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Avrion Mitchison makes me a world player in immunology


Avrion Mitchison's inspirational immunology
Martin Raff Scientist
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This happened to be the centre of the immunological universe at that time. So many exciting things were happening right there in that institute with just wonderful people, and I just fell into this. So it was kind of a weird situation because I went into this place knowing no science – it’s not a university, it’s a research institute so no one around me was in this position of knowing nothing and I’d never been in that situation. You know, usually you could look and see half the people know less than you and that’s sort of comforting, but here there were no other fools, I was alone. It was very anxiety producing.

But, anyway, I was given a project by my mentor, Av Mitchison, who turned out to be just a fantastic guy, very unusual, a brilliant scientist and I couldn’t understand a word he said. I mean, every time he would talk to me I’d have to go in the library for an hour trying to figure out what he was saying. So this was very tough-going, but he gave me a project that turned to gold. Within six or nine months we had something that really worked, that was important, that… the idea was to use antibodies to distinguish different classes of lymphocytes.

And at the time it was just the beginnings that one realised there were more than one kind of white blood cell involved in the immune response, but you couldn’t distinguish them because they all looked the same, these lymphocytes all looked the same. So his idea was to use antibodies to try to distinguish the two major classes called T and B cells, and… and it worked and we had this tool immediately that enabled us to distinguish these cells and study them in a way that nobody else could.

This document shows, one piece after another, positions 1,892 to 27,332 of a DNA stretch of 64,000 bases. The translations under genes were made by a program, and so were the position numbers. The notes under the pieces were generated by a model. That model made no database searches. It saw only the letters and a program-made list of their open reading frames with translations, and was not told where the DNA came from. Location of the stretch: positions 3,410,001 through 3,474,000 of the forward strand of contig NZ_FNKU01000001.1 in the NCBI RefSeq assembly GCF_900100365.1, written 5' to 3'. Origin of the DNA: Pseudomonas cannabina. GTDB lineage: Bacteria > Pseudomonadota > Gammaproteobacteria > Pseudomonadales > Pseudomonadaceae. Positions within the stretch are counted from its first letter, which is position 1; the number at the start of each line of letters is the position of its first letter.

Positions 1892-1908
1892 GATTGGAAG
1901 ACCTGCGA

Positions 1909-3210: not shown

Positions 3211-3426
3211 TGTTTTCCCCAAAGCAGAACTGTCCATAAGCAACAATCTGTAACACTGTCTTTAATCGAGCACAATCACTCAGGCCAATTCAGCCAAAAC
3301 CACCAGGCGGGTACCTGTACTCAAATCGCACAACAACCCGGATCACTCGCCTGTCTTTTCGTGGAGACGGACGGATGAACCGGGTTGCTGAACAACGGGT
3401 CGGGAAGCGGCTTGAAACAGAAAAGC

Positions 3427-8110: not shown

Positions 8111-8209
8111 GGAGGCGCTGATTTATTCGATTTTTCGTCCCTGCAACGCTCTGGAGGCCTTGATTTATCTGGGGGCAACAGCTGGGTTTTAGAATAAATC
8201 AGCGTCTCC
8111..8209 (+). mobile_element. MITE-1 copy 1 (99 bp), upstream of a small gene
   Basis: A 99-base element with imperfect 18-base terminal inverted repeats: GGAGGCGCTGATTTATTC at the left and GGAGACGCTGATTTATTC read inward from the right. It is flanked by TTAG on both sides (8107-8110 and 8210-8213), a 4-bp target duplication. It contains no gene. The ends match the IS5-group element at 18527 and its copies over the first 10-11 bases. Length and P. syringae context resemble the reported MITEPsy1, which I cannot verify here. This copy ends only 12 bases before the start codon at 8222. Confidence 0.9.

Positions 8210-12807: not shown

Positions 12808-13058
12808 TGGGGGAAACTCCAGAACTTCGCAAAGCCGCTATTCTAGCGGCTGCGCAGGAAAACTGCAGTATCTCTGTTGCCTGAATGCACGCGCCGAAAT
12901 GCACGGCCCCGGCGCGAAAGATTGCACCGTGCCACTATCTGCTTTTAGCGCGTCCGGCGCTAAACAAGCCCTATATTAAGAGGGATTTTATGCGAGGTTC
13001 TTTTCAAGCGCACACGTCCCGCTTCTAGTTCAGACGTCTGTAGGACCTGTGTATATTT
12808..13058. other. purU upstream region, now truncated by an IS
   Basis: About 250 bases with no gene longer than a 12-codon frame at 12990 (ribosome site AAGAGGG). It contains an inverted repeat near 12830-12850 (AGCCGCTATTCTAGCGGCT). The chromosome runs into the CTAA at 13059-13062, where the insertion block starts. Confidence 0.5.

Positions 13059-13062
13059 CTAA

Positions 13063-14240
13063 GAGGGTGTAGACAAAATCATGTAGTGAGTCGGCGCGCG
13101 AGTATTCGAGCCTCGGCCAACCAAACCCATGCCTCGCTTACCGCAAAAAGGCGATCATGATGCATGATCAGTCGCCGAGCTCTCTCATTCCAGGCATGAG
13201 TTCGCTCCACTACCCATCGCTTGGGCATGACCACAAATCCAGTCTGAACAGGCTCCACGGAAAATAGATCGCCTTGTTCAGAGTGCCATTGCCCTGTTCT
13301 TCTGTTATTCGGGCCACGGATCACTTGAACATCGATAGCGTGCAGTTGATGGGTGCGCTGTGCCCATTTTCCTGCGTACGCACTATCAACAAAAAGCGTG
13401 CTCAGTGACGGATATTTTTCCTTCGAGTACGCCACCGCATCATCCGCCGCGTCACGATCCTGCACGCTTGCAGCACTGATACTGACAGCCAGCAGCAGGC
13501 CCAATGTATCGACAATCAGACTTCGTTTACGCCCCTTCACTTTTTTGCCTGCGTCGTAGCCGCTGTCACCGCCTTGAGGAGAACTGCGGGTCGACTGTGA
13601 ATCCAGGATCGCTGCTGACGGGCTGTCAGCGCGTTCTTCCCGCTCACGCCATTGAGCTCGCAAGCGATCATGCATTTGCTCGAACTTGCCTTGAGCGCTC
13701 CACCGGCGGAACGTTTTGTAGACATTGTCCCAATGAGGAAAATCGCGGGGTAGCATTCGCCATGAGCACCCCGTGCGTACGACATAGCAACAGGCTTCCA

So within a year I was in this position of just having a very powerful tool and so the incentive to learn immunology was enormous, because to figure out what I was doing I had to learn fast. So within a year or so I was an expert in immunology and it just taught me the importance of motivation, because before I’d come I’d read a couple of books on immunology, that was a complete waste of time, I didn’t remember anything, I didn’t learn anything, but here within weeks I was learning fast because I had to.

Martin Raff is a Canadian-born neurologist and research biologist who has made important contributions to immunology and cell development. He has a special interest in apoptosis, the phenomenon of cell death. Recently retired from his professorship at University College, London, these stories were recorded in 2000.

Listeners: Christopher Sykes

Christopher Sykes is a London-based television producer and director who has made a number of documentary films for BBC TV, Channel 4 and PBS.

Tags: MRC National Institute for Medical Research, Avrion Mitchison

Duration: 2 minutes, 13 seconds

Date story recorded: 2000

Date story went live: 13 July 2010